On surrender? What circumstances, it was asked,
On 6 August 1945 the United States exploded an atomic bomb over Hiroshima and revealed to the world in one blinding flash the start of the atomic age. As the meaning of this explosion and the nature of the force unleashed became apparent, a chorus of voices rose in protest against the decision that opened the Pandora’s box of atomic warfare.
The decision to use the atomic bomb was made by President Truman. There was never any doubt of that and despite the rising tide of criticism Mr. Truman took full responsibility for his action. Only recently succeeded to the Presidency after the death of Roosevelt and beset by a multitude of problems of enormous significance for the postwar world, Mr. Truman leaned heavily on the advice of his senior and most trusted advisers on the question of the bomb. But the final decision was his and his alone. 
The justification for using the atomic bomb was that it ended the war, or at least ended it sooner and thereby saved countless American-and Japanese-lives. But had it? Had not Japan been defeated and was she not already on the verge of surrender? What circumstances, it was asked, justified the fateful decision that “blasted the web of history and, like the discovery of fire, severed past from present”?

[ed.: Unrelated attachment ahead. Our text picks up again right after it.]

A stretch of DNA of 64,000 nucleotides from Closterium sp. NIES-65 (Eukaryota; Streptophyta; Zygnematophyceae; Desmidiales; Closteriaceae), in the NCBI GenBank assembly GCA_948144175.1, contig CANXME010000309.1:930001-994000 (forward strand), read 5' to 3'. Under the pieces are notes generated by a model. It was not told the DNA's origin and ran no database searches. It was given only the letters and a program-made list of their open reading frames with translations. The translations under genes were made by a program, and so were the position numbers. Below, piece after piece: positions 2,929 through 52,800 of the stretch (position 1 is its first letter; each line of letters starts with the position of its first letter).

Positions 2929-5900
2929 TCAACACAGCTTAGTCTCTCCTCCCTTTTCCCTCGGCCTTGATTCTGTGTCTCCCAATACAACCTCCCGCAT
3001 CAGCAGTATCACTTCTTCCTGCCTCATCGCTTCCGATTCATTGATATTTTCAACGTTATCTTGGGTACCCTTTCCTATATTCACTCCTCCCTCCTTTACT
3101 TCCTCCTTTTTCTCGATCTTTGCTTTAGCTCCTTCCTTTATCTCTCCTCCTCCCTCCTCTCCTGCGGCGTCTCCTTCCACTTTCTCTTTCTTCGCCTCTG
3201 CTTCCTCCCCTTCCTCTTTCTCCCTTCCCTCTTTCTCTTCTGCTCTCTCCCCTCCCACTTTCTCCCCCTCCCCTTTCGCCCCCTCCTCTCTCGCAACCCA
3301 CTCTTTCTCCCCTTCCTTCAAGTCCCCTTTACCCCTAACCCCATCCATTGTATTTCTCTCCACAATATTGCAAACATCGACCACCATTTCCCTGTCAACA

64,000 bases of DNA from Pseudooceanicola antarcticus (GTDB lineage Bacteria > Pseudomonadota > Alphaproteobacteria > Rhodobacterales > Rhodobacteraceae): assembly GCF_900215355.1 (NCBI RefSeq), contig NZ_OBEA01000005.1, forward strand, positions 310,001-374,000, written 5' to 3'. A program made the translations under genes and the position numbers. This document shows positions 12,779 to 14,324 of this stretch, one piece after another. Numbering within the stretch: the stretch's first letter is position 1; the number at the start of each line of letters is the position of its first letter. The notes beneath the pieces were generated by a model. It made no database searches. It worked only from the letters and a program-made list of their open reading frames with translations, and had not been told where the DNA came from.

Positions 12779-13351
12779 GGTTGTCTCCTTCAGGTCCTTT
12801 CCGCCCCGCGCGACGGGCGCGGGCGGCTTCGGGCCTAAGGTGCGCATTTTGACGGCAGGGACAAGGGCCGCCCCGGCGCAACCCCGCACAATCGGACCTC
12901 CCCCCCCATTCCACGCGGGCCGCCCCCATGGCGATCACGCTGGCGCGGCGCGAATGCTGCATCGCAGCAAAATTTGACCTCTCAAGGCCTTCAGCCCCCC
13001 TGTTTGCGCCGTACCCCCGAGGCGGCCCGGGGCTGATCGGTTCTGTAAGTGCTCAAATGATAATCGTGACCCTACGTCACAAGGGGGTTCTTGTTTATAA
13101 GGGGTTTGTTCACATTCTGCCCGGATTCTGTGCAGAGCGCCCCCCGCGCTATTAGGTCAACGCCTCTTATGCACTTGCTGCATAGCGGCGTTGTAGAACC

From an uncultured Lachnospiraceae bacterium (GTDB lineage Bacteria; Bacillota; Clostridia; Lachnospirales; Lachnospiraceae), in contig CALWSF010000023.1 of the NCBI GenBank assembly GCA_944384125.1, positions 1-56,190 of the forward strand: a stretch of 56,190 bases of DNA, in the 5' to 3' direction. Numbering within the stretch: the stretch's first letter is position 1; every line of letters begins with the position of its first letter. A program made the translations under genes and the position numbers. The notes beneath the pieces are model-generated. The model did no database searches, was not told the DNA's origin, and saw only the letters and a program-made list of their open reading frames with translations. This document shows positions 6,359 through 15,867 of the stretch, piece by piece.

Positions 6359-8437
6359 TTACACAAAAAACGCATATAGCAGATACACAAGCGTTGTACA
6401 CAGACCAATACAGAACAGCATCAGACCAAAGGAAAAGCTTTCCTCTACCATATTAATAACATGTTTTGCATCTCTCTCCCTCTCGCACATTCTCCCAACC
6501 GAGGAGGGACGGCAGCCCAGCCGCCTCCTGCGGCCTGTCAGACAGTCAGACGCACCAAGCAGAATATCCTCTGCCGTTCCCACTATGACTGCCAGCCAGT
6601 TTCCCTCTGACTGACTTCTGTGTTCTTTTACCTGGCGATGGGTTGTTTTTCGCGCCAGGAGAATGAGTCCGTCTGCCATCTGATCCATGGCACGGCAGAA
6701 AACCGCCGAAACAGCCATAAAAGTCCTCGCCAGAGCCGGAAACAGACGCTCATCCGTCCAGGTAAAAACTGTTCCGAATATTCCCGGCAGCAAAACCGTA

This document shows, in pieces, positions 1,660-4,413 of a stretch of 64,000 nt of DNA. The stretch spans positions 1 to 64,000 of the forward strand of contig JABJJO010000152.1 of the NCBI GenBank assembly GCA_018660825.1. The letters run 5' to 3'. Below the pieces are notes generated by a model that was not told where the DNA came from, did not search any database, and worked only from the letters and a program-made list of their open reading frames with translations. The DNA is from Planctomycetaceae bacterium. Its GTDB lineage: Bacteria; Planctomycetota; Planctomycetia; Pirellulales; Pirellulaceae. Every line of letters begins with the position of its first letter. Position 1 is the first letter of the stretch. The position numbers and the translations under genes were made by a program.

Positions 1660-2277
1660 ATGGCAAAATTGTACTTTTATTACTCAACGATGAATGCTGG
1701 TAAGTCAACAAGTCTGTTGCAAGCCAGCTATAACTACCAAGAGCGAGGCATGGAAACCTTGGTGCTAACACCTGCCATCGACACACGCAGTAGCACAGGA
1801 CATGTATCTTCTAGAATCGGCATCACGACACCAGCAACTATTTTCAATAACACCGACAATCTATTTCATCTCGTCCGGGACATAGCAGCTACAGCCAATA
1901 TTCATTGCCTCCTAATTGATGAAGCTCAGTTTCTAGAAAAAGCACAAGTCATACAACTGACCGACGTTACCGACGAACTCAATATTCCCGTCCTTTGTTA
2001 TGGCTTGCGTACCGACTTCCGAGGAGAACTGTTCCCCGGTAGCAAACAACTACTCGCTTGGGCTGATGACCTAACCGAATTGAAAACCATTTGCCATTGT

Thefirst authoritative explanation of how and why it was decided to use the bomb came in February 1947 from Henry L. Stimson, wartime Secretary of War and the man who more than any other was responsible for advising the President in this matter.  This explana-
On August 6, 1945, at precisely 8:16 a.m., thefirst atomic bomb exploded in Hiroshima, Japan, just seconds after leaving the Enola Gay.It carried with it the equivalent of 20,000 tons of TNT.Everything within four square miles was desolated.
On August 9, 1945, the second atomic bomb exploded at approximately 11:01 a.m. in Nagasaki, Japan, after being dropped from the B-29 Bockscar.This bomb contained the equivalent…